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Additionally, the photothermal effect of PTT would elevate the permeability of tumor vessels and cancer cell membrane, leading to enhanced sensitivity of tumor cells to AIFCM. Specifically, the high temperature mediated by PTT could increase the blood flow and microvascular pore size of tumor, and ensure high kinetic energy of membrane phospholipids as well as high fluidity of cell membrane [151, 152]. These features could be accountable for the enhanced drug delivery to tumor cells in PTT. Thus, PTT has been used to realize enhanced release efficacy and cellular uptake of AIFCM in combination therapy, which could realize satisfying therapeutic effects. Metal organic nanoparticles (NPs), transition metal oxides and dichalcogenides with high absorption in the NIR region and excellent photothermal conversion efficiency, such as molybdenum oxide nanoparticles, Ag and Au nanoparticles, have been widely exploited for combination therapy with AIFCM [153, 154]. For instance, Bao and coworkers synthesized polyethylene glycol (PEG)ylated MoO3-x hollow nanospheres with high NIR absorption, which makes them promising PTT agents and photoacoustic tomography (PAT) imaging agents. The combination of MoO3-x NPs and CPT achieved incredible therapeutic outcomes against pancreatic tumor-bearing mice (nearly 95% inhibition) when CPT alone led to cell death in only half of the treated cells [153]. In addition to metal NPs, Pang et al. combined graphene oxide (GO), an excellent carbon material, with the artemisinin derivative artesunate to combat liver cancer. GO exhibited an efficient PTT effect that facilitated the cellular uptake of artesunate and the generation of peroxynitrite, which is a critical substance related to artesunate toxicity. As a result, the combination completely eradicated tumors in vivo due to the chemo-photothermal synergistic effect [155].

Accordingly, numerous studies that combined PTT modalities and AIFCM for tumor therapy have achieved improved therapeutic outcomes. In summary, the synergistic effect could be attributed to the heat generated from PTT and the cytotoxic effect of AIFCM. On the one hand, some AIFCMs can reduce the tumor recurrence rate in PTT, increase the sensitivity of PTT to cancer cells, and reduce the adverse side effects caused by high-temperature photothermal effect, so that providing opportunities for mild-temperature PTT to be used for tumor therapy. On the other hand, the PTT can kill tumors by thermal ablative approaches, and increase the cellular uptake of AIFCM in tumor tissue, which improves the efficacy of AIFCM and may help to overcome the MDR of them. In the future, more studies should be focused on identifying AIFCM with the ability to reverse thermal resistance in cancer cells to facilitate PTT.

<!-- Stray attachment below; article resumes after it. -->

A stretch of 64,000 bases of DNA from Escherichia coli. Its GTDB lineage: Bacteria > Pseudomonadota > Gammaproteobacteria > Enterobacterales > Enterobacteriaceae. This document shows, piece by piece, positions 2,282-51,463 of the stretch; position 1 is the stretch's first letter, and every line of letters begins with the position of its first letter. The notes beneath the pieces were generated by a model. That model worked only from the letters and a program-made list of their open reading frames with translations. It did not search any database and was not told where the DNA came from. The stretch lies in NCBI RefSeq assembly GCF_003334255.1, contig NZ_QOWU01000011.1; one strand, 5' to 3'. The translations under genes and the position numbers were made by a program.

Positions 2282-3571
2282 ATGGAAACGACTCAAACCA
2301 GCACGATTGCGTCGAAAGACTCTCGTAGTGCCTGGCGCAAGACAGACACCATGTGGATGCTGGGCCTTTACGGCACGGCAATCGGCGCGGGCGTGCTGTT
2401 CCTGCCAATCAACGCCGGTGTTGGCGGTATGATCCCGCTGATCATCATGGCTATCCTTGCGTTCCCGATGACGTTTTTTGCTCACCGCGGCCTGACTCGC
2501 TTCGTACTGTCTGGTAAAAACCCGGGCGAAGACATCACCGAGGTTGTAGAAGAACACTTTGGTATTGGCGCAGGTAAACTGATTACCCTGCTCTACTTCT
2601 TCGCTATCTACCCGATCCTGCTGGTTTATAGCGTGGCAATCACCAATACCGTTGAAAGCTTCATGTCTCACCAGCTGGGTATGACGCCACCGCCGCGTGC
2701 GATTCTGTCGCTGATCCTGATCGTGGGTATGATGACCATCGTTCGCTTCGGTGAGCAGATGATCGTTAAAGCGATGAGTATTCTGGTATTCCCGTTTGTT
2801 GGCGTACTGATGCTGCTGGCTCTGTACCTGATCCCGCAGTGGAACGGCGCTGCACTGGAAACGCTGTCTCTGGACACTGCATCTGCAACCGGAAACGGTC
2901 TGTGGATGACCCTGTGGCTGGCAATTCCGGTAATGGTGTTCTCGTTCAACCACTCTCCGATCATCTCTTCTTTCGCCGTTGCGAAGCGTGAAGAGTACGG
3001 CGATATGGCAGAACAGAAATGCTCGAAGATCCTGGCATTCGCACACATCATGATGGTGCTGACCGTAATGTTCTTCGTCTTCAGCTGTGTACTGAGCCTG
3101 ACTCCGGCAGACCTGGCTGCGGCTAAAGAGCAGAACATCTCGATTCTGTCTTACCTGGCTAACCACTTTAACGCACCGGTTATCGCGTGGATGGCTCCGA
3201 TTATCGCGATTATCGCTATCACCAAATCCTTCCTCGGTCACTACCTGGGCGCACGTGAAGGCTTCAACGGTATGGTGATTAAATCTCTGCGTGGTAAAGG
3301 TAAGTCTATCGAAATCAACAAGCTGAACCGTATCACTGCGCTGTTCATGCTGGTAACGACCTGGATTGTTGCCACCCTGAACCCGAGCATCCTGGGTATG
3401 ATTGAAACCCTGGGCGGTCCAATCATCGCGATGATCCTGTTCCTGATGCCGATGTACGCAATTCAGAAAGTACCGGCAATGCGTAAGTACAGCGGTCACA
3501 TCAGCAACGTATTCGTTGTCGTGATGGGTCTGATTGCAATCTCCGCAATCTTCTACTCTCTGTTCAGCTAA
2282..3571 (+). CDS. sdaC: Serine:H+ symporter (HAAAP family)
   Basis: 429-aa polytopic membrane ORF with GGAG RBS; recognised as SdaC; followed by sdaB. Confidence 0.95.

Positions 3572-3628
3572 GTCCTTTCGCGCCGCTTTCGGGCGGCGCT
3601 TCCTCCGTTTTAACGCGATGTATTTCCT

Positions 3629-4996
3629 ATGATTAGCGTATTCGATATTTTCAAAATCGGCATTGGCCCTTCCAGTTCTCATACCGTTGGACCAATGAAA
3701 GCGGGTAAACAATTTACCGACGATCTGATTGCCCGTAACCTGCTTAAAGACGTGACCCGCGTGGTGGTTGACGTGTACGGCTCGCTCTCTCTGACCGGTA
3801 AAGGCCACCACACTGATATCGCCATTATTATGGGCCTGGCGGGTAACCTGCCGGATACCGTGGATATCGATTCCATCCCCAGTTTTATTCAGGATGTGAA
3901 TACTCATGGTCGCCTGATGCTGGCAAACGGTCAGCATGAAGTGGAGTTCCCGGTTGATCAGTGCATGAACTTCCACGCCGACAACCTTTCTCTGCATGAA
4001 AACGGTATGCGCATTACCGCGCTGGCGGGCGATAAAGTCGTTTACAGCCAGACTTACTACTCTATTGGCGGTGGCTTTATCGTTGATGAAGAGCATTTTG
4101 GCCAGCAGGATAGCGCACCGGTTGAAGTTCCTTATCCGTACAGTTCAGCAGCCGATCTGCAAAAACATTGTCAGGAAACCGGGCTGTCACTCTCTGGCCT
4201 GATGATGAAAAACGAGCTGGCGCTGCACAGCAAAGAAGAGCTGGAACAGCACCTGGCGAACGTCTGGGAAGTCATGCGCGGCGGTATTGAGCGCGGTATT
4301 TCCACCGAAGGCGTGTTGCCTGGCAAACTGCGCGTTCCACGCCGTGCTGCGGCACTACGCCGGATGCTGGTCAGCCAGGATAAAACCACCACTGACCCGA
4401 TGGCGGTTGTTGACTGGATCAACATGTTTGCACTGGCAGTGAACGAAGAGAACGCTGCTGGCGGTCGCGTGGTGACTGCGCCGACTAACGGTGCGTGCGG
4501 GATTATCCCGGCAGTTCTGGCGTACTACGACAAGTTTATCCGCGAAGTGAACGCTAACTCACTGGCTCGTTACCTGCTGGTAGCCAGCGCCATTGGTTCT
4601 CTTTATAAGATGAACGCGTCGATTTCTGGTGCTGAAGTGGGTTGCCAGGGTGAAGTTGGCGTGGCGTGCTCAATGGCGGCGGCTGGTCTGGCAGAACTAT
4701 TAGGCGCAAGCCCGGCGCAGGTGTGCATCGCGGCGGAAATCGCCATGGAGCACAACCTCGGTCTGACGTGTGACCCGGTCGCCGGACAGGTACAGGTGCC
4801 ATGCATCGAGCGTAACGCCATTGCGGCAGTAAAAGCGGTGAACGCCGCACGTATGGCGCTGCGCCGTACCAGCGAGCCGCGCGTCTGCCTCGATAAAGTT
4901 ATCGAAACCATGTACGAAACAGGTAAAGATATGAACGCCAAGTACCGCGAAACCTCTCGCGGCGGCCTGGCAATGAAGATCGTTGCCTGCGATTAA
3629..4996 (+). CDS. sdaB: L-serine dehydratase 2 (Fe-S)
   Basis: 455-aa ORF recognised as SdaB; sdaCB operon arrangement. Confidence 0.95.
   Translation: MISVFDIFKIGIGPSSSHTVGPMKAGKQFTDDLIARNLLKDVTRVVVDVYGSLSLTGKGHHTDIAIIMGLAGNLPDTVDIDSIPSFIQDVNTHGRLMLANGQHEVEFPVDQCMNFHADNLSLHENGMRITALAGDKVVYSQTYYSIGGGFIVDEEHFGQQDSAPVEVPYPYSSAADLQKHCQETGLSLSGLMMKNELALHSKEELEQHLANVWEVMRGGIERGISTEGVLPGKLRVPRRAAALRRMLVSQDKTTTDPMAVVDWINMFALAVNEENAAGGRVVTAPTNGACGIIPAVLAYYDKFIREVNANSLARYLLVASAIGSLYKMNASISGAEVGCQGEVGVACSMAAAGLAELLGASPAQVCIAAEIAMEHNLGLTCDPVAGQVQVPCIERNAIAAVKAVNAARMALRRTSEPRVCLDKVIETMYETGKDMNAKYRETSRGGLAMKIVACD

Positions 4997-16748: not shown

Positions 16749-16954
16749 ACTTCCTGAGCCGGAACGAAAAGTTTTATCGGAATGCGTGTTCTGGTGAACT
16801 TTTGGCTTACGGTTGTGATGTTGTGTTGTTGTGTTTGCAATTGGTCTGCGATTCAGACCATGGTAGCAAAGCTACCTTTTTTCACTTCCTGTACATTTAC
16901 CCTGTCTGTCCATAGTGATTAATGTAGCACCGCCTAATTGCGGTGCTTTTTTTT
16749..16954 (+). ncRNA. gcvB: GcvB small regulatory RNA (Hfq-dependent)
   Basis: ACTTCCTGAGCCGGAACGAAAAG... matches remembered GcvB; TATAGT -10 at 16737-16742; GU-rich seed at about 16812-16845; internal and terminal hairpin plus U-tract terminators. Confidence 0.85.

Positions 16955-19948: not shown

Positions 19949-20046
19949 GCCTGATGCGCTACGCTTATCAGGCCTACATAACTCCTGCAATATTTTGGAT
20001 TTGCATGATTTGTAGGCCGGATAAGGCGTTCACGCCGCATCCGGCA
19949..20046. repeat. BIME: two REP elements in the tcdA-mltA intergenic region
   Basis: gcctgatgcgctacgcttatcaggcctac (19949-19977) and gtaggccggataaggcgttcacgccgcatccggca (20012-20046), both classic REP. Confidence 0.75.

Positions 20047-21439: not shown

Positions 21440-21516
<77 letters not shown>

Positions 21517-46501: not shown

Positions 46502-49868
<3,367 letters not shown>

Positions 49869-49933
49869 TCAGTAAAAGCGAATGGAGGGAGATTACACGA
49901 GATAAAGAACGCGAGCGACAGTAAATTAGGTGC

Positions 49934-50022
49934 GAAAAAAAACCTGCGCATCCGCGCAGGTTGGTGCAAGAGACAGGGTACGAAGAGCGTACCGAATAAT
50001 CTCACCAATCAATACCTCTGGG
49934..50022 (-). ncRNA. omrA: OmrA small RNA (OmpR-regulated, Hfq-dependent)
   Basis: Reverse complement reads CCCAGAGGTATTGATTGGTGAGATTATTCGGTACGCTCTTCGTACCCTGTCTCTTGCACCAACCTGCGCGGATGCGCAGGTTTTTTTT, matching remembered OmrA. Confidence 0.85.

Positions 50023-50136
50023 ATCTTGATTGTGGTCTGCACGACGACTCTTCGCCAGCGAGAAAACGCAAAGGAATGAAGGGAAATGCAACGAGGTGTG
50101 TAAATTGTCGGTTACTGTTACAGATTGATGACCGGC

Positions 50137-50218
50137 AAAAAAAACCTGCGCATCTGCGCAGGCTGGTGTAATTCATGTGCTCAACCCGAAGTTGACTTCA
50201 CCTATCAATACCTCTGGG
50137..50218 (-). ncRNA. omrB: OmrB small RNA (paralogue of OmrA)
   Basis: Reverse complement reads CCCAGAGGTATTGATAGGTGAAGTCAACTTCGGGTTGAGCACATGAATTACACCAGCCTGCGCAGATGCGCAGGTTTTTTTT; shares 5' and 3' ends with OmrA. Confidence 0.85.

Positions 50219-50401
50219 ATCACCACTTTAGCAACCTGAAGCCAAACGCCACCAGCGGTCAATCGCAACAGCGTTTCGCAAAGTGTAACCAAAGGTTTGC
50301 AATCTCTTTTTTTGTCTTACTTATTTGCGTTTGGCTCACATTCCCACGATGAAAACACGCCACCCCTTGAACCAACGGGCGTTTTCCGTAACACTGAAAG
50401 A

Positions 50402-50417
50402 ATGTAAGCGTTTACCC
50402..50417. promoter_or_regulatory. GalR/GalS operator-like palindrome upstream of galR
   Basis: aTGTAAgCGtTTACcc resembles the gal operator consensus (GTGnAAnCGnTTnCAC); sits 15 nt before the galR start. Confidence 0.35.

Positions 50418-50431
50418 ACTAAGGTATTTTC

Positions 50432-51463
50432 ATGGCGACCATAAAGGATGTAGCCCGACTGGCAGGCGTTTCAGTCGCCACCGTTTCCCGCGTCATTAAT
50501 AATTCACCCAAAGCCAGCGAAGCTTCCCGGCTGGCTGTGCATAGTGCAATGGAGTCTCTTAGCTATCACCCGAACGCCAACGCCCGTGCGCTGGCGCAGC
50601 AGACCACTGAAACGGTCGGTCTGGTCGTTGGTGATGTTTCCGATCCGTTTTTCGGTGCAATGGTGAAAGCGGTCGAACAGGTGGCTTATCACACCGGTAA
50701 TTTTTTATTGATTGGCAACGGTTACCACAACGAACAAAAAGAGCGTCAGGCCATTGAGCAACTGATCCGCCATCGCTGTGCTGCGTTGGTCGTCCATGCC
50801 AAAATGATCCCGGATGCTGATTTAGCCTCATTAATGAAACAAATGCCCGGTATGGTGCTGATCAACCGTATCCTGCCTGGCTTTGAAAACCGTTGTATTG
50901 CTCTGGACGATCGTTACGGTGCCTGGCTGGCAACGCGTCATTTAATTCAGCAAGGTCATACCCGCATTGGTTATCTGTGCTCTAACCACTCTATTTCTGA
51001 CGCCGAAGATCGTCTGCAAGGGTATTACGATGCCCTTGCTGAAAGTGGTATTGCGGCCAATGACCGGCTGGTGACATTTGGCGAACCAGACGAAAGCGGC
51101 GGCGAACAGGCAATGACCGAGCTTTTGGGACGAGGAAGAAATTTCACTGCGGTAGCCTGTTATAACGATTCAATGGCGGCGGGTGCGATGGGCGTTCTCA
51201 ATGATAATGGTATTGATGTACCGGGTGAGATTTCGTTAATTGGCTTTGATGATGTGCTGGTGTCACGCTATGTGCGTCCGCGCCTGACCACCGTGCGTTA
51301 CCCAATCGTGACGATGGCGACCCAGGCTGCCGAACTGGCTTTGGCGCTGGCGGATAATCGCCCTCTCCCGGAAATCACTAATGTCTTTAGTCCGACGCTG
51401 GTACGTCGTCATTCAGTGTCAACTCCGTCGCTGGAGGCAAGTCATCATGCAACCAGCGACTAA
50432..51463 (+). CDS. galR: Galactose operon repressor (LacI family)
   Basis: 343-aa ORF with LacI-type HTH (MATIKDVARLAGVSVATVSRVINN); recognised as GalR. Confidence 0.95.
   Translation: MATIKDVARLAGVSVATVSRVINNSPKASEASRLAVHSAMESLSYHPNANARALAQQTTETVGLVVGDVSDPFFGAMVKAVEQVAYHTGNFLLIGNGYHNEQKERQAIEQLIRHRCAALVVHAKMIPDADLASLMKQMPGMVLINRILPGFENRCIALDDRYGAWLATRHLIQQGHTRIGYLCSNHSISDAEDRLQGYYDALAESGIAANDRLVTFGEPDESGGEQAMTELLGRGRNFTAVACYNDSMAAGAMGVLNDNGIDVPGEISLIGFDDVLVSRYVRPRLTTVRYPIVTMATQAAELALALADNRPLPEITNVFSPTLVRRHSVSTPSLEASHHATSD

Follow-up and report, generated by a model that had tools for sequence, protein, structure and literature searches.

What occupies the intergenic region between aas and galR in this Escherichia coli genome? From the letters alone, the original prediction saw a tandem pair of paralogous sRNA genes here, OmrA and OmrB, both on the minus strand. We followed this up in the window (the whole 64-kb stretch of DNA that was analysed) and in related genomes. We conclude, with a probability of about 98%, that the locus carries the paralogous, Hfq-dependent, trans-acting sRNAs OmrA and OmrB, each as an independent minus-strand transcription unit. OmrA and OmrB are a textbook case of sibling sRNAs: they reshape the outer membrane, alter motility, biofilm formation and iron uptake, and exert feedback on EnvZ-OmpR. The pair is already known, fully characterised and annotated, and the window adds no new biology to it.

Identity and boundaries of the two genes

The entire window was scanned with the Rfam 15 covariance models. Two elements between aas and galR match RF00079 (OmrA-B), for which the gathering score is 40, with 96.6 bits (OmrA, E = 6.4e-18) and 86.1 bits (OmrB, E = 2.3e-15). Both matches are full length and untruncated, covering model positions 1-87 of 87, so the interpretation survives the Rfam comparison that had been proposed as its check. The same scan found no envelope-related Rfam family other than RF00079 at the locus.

2.3.2 AIFCM Combined with PDT

In PDT protocols, tissue-penetrating light is utilized to irradiate cancer cells/tumor tissue, which selectively take in certain photosensitizers, and then the photosensitizer is activated to produce ROS, mainly singlet oxygen, to cause tumor inhibition. Generally, photosensitizers that have been widely used in tumor therapy can be categorized into two types, porphyrins and nonporphyrins [156]. However, similar to PTT, the penetration depth of light that triggers photosensitizers is limited, and consequently, only the local tumor cells could be eliminated. Moreover, the ROS generation capacity of PDT is insufficient and is limited by the hypoxic tumor environment. Therefore, different approaches have been developed to conquer these obstacles for more effective PDT and promote its clinical applications. Research shows that AIFCM can be used in combination with photosensitizers to expand the therapeutic range and treatment effect by exerting its ROS generation ability and anti-tumor cytotoxicity for synergistic cancer therapy. Moreover, some AIFCMs such as CPT, and dihydroartemisinin have the ability to relieve tumor hypoxia or overcome PDT resistance, which also improve the effect of PDT combination therapy [157].